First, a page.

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New Services On Vast


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#1 Smacca

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Posted 17 May 2012 - 11:15 PM

We all know about the new radio services starting on VAST soon, as well as NITV. But thanks to husky61 at Austech for breaking this one;

Rural Health Channel will be officially launching in all VAST zones this Monday. It's already active on Ch 600, but only showing a loop until launch day.

Will Westlink still be needed after Aurora goes? It is seperately funded, but mostly shows health related content. Maybe the WA government has helped fund RHC?

Edited by Smacca, 17 May 2012 - 11:16 PM.


#2 alanh

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Posted 18 May 2012 - 01:24 AM

SMACCA, http://www.rdl.wa.go...es/default.aspx makes no mention of Aurora anywhere not even the receiver. They only mention the UEC model number. They also state that they can switch off free to air transmissions. They hire Optus C1 just like all other broadcasters. There is nothing to stop Westlink to continue as they are after the end of next year. There is nothing to stop Optus leaving one DVB-S modulator feeding one transponder and containing private contracts such as Westlink, Optus Business channel. All DVB-S2 receivers can also receive DVB-S signals. So they can leave all ABC audio/SBS audio on the same DVB-S modulator used above. All that is required is to make the encryption seeds common between the DVB-S2 receivers and the existing DVB-S receivers. The advantage of the above system is that existing receivers used for schools and resource centres for Westlink and many radio transmitter sites remain unchanged. It is really up to Optus and their customers how they organise which signals are fed into each DVB-S2 and DVB-S modulators prior to uplinking.

Optus C1 satellite will still be in orbit and transponders work only as frequency changing amplifiers. Since Aurora is a DVB-S/MPEG-2 commercial TV service it has nothing to do with Westlink, radio signals, and Coles and Woolworths store radio.


Alanh

Edited by alanh, 18 May 2012 - 01:28 AM.


#3 DrP

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Posted 18 May 2012 - 05:22 AM

No no no. C1 will not be able to be used. C1 will soon be moved out of its current position to the scrap yard orbit or perhaps de-orbited into the ocean. We know this because satellites only work for 7 years. alanh has told us this and we know that alanh is an expert in these matters. The proof of the accuracy of his advice is that it was issued well into C1's flight and did not rely on mis-interpretation of old data from the A series days.

The only real question that needs to be asked is when are all the services on C1 scheduled to be moved off in prepartion for the retirement of C1. Perhaps alanh, being an industry insider, would be kind enough to shed some light on this as he surely has access to the schedule.

Edited by DrP, 18 May 2012 - 05:48 AM.


#4 nbound

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Posted 18 May 2012 - 05:47 PM

SMACCA, http://www.rdl.wa.go...es/default.aspx makes no mention of Aurora anywhere not even the receiver. They only mention the UEC model number. They also state that they can switch off free to air transmissions. They hire Optus C1 just like all other broadcasters. There is nothing to stop Westlink to continue as they are after the end of next year. There is nothing to stop Optus leaving one DVB-S modulator feeding one transponder and containing private contracts such as Westlink, Optus Business channel. All DVB-S2 receivers can also receive DVB-S signals. So they can leave all ABC audio/SBS audio on the same DVB-S modulator used above. All that is required is to make the encryption seeds common between the DVB-S2 receivers and the existing DVB-S receivers. The advantage of the above system is that existing receivers used for schools and resource centres for Westlink and many radio transmitter sites remain unchanged. It is really up to Optus and their customers how they organise which signals are fed into each DVB-S2 and DVB-S modulators prior to uplinking.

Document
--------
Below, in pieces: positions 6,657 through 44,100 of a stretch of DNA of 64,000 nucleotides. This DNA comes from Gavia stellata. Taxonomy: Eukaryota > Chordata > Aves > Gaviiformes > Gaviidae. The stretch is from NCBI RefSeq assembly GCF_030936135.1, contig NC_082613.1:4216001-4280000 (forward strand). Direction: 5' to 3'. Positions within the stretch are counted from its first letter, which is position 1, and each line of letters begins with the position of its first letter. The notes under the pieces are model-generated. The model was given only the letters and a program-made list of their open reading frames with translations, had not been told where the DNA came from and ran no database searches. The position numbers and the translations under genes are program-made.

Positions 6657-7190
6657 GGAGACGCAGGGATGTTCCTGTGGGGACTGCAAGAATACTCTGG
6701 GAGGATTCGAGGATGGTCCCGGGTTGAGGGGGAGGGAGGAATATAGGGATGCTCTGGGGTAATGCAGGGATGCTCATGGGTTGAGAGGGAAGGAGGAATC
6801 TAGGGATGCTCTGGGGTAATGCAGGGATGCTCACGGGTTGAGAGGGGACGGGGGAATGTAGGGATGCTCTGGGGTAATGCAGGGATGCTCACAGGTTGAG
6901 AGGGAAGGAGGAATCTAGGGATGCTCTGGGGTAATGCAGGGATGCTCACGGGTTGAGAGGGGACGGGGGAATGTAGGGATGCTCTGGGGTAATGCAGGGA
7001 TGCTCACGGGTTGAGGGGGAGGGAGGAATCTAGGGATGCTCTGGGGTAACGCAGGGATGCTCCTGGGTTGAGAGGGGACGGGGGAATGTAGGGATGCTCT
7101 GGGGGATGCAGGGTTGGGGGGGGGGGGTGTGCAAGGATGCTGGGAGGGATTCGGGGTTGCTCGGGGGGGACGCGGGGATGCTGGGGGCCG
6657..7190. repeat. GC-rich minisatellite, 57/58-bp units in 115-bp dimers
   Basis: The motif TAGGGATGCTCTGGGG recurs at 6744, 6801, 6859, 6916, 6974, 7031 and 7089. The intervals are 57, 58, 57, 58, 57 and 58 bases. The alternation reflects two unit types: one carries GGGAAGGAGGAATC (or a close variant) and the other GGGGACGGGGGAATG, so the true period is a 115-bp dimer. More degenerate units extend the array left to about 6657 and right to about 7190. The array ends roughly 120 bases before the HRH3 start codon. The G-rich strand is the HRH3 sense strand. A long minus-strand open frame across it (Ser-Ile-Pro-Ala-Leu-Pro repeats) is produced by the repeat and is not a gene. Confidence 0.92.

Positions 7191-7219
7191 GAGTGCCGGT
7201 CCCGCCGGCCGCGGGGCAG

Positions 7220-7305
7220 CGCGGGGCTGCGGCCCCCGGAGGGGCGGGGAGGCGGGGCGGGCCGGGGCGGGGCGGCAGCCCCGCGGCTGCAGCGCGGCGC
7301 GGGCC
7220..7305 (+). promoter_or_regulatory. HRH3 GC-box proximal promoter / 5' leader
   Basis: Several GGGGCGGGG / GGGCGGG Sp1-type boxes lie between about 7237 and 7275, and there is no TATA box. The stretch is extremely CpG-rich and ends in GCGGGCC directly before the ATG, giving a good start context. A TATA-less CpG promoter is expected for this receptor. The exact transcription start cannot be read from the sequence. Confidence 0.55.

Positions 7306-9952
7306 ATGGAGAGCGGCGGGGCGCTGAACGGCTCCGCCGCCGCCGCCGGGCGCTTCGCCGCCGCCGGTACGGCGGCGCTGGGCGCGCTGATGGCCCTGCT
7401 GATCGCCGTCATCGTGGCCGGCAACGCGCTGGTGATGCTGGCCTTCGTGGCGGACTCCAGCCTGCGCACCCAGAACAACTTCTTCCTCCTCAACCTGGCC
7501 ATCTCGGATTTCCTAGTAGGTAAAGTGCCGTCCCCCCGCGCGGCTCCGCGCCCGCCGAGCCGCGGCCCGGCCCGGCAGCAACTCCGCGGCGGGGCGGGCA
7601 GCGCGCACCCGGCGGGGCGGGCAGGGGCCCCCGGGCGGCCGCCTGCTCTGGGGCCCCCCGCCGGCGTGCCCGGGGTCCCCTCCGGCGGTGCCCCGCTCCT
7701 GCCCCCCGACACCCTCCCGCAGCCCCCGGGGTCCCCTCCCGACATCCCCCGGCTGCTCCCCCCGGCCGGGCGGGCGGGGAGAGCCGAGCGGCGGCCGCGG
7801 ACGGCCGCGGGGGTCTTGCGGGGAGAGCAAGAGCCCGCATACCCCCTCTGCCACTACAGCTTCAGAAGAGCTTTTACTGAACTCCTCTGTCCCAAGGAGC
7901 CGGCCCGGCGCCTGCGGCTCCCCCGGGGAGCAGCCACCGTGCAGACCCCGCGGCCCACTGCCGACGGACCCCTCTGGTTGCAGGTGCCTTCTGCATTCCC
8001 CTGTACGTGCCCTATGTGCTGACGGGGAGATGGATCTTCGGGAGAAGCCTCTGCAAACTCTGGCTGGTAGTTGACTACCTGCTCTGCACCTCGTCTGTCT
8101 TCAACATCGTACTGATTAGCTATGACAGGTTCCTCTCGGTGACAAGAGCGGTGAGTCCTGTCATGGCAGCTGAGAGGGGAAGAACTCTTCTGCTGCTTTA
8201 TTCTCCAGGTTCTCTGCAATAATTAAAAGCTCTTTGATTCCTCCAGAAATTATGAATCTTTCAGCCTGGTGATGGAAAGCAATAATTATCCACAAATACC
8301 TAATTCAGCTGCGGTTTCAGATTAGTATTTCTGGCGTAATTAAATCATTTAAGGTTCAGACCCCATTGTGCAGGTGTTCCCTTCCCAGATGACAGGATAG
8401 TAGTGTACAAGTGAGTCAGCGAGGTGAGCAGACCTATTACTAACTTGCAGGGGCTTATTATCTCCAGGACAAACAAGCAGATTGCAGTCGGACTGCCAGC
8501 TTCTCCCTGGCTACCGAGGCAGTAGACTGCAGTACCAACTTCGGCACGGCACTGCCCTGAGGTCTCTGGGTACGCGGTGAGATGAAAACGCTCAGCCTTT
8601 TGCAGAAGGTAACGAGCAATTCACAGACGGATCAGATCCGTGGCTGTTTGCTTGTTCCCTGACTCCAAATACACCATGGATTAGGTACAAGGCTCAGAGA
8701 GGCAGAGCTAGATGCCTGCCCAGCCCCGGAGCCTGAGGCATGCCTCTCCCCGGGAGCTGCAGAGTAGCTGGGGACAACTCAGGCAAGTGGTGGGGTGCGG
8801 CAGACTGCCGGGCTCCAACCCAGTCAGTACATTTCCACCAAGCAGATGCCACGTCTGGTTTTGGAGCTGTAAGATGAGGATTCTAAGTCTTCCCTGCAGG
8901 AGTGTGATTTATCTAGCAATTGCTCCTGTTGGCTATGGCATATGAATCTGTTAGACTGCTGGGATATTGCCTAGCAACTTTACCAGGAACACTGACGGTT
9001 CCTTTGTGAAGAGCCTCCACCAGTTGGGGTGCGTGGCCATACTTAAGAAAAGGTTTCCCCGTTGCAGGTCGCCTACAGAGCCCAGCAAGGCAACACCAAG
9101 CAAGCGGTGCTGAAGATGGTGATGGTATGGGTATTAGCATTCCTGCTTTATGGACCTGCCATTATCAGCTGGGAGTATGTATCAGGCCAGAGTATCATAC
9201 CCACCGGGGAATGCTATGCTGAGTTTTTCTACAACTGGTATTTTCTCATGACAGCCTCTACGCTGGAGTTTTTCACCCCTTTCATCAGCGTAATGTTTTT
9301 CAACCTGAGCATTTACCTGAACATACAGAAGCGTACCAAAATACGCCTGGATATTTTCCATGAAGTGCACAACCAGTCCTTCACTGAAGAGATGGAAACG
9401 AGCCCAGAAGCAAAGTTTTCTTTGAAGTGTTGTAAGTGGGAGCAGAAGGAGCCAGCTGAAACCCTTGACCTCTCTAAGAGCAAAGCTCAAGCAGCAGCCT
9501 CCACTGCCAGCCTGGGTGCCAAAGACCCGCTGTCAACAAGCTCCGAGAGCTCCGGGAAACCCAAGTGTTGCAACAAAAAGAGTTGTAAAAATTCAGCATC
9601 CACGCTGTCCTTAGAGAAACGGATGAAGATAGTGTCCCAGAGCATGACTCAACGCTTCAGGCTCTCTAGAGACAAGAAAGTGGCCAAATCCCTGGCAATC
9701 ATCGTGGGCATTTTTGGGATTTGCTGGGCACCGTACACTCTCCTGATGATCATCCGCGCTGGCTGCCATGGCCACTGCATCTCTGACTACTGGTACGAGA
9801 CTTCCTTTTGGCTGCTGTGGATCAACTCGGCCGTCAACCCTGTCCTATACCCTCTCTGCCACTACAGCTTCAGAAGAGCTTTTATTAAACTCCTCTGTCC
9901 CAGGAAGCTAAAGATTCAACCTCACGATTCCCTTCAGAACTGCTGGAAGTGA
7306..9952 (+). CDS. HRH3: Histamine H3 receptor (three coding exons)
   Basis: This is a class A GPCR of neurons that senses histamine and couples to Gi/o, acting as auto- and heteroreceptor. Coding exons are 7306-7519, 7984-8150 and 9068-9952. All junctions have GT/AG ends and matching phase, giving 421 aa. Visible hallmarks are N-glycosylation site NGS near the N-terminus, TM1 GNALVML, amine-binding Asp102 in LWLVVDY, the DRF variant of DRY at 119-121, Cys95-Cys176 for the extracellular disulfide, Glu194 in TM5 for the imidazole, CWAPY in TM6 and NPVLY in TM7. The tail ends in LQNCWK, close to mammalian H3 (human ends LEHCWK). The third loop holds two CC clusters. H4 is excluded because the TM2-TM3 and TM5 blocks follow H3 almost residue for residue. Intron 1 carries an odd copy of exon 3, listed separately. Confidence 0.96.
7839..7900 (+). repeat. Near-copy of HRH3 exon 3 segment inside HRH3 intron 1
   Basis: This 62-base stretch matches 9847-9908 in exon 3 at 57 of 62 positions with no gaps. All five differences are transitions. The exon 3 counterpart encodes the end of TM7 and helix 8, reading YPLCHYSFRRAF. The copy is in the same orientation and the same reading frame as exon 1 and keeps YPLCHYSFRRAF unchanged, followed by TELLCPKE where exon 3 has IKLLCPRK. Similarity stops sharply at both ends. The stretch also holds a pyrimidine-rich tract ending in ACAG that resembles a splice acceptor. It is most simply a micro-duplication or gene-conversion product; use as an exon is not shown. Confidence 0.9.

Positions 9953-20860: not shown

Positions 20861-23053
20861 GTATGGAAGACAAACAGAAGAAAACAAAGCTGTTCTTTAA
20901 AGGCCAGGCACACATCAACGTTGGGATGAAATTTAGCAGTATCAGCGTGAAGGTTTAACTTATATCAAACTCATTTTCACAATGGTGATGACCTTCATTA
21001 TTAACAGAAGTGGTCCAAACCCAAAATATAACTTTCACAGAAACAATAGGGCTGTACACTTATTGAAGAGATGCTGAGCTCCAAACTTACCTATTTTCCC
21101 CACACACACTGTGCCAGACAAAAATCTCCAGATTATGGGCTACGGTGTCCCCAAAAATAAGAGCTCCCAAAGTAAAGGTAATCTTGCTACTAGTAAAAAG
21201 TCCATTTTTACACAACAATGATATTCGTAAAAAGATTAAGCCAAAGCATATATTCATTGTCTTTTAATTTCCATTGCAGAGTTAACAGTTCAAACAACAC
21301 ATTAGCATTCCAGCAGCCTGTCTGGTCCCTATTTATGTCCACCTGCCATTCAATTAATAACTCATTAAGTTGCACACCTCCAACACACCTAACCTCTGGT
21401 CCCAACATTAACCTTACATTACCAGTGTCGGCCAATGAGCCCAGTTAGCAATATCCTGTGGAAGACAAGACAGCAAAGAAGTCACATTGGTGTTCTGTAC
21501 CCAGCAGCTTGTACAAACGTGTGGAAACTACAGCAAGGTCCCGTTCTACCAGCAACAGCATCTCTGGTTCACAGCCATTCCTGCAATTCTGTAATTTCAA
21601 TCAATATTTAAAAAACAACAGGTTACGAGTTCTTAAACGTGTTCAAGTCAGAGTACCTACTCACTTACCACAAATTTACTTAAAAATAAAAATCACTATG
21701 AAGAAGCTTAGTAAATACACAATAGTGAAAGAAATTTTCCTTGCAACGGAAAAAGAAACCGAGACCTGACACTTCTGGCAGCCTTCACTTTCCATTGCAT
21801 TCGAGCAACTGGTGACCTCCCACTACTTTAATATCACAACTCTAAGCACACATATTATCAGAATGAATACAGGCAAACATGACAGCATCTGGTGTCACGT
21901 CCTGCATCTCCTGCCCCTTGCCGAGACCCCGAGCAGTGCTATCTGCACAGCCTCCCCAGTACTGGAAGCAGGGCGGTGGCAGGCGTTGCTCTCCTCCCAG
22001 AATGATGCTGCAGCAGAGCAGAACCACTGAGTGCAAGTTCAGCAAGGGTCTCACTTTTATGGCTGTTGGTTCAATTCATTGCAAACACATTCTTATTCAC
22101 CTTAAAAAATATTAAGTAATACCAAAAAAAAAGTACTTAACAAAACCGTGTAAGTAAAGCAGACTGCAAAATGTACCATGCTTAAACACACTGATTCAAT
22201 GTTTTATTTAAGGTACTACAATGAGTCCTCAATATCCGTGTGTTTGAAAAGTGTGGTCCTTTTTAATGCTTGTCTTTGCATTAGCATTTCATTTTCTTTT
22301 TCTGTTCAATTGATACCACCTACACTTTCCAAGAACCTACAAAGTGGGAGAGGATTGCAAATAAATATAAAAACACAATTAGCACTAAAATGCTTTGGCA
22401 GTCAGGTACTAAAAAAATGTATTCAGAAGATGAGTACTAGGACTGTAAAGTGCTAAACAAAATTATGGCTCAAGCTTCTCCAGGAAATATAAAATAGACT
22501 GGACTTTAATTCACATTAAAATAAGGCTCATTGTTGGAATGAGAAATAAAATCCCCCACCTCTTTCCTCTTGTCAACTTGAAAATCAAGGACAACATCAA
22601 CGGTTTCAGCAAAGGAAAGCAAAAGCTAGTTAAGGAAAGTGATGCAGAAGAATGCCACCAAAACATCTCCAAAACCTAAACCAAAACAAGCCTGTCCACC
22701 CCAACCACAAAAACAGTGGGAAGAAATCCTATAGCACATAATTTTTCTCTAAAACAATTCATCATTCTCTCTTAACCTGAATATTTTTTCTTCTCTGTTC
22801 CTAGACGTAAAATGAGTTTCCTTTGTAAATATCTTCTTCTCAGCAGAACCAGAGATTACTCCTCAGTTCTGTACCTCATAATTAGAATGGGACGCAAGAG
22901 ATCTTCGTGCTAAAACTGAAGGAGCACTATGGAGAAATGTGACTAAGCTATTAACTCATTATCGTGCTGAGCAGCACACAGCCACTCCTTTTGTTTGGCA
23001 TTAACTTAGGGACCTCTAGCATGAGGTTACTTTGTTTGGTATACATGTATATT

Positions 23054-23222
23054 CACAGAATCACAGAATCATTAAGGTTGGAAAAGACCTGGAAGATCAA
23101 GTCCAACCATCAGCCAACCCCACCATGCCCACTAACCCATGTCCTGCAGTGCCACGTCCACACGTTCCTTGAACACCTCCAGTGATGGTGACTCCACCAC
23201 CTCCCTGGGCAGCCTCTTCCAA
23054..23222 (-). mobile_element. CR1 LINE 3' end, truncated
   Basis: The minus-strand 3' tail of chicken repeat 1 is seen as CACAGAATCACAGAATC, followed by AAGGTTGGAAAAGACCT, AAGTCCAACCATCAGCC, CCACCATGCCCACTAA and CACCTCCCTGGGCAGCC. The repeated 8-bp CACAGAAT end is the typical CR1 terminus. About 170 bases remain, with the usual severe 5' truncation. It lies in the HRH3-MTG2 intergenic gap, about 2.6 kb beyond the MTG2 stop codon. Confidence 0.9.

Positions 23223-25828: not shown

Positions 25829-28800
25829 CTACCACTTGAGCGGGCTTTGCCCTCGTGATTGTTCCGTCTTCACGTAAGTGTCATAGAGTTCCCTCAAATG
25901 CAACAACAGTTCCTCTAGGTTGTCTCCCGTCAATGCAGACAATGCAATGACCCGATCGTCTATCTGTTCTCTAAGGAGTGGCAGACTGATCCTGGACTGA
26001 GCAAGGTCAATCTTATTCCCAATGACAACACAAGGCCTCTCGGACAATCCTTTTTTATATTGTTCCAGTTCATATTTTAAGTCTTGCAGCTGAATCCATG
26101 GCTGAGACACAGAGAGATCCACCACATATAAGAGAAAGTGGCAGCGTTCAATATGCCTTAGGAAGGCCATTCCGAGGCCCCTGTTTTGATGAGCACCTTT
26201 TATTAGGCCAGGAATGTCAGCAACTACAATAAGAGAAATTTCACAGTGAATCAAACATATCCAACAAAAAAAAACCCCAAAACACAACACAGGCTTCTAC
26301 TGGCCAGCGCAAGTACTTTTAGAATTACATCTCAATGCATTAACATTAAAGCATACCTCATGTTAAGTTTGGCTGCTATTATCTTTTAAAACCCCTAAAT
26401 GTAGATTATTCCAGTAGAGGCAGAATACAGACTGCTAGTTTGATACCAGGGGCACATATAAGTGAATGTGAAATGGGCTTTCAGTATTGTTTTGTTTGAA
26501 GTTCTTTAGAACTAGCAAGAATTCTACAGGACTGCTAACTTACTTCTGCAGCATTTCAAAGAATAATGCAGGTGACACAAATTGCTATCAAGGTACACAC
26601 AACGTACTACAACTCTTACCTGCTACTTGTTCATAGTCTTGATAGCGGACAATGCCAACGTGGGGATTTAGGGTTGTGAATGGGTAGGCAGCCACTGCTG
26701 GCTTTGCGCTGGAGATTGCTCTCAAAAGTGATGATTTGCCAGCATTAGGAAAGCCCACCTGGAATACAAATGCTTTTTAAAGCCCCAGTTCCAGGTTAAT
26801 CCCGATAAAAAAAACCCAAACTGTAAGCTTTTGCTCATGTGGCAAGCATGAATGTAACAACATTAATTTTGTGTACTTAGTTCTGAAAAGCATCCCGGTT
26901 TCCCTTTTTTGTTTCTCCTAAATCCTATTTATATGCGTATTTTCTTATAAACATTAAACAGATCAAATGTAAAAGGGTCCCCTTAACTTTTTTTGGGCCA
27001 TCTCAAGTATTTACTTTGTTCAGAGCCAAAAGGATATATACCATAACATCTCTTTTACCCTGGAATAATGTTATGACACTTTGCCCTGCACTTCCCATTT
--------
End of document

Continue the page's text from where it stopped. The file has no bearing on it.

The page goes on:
Smacca was suggesting that Westlink may not be needed from a content based perspective. (ie. both services have similar content.). Noone is arguing that individual services may or may not continue after the Aurora service is shut down.

#5 Smacca

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Posted 18 May 2012 - 07:44 PM

SMACCA, http://www.rdl.wa.go...es/default.aspx makes no mention of Aurora anywhere not even the receiver. They only mention the UEC model number.


So does that mean, from your warped viewpoint on everything, that Westlink mustn't exist on Aurora?

They also state that they can switch off free to air transmissions. They hire Optus C1 just like all other broadcasters. There is nothing to stop Westlink to continue as they are after the end of next year. There is nothing to stop Optus leaving one DVB-S modulator feeding one transponder and containing private contracts such as Westlink, Optus Business channel.


Well, that's why I asked the question. They might stay, they might go, they might not have any programming to sustain funding and move everything to RHC. You have no idea at this stage, and nor do I.


So they can leave all ABC audio/SBS audio on the same DVB-S modulator used above.


Speculation and highly unlikely. I reckon they will launch new ABC radio services on the VAST platform, and keep the existing ones on Aurora (DVB-S) running until switch-off.

All that is required is to make the encryption seeds common between the DVB-S2 receivers and the existing DVB-S receivers. The advantage of the above system is that existing receivers used for schools and resource centres for Westlink and many radio transmitter sites remain unchanged. It is really up to Optus and their customers how they organise which signals are fed into each DVB-S2 and DVB-S modulators prior to uplinking.


Well, the schools and telecentres now need VAST to watch RHC, so they'd be mad leaving Westlink as the only DVB-S service for the few people that won't have a VAST box. Even if they simulcrypt it, what advantage would that have?

Leave the radio talk for a dedicated thread, please.

Optus C1 satellite will still be in orbit


Lol..

Since Aurora is a DVB-S/MPEG-2 commercial TV service it has nothing to do with Westlink, radio signals, and Coles and Woolworths store radio.


When I want to activate ABC and SBS on my Aurora card, I don't call ABC and SBS. I call Optus Aurora as they are the ones controlling access to the services. You're basing your assumptions on the mere fact that Aurora isn't mentioned, but Optus C1 is. This isn't concrete evidence that they're not part of Aurora. It's like finding a piece of paper that says "GWN is on satellite!" - it doesn't disprove the fact that it's on Aurora.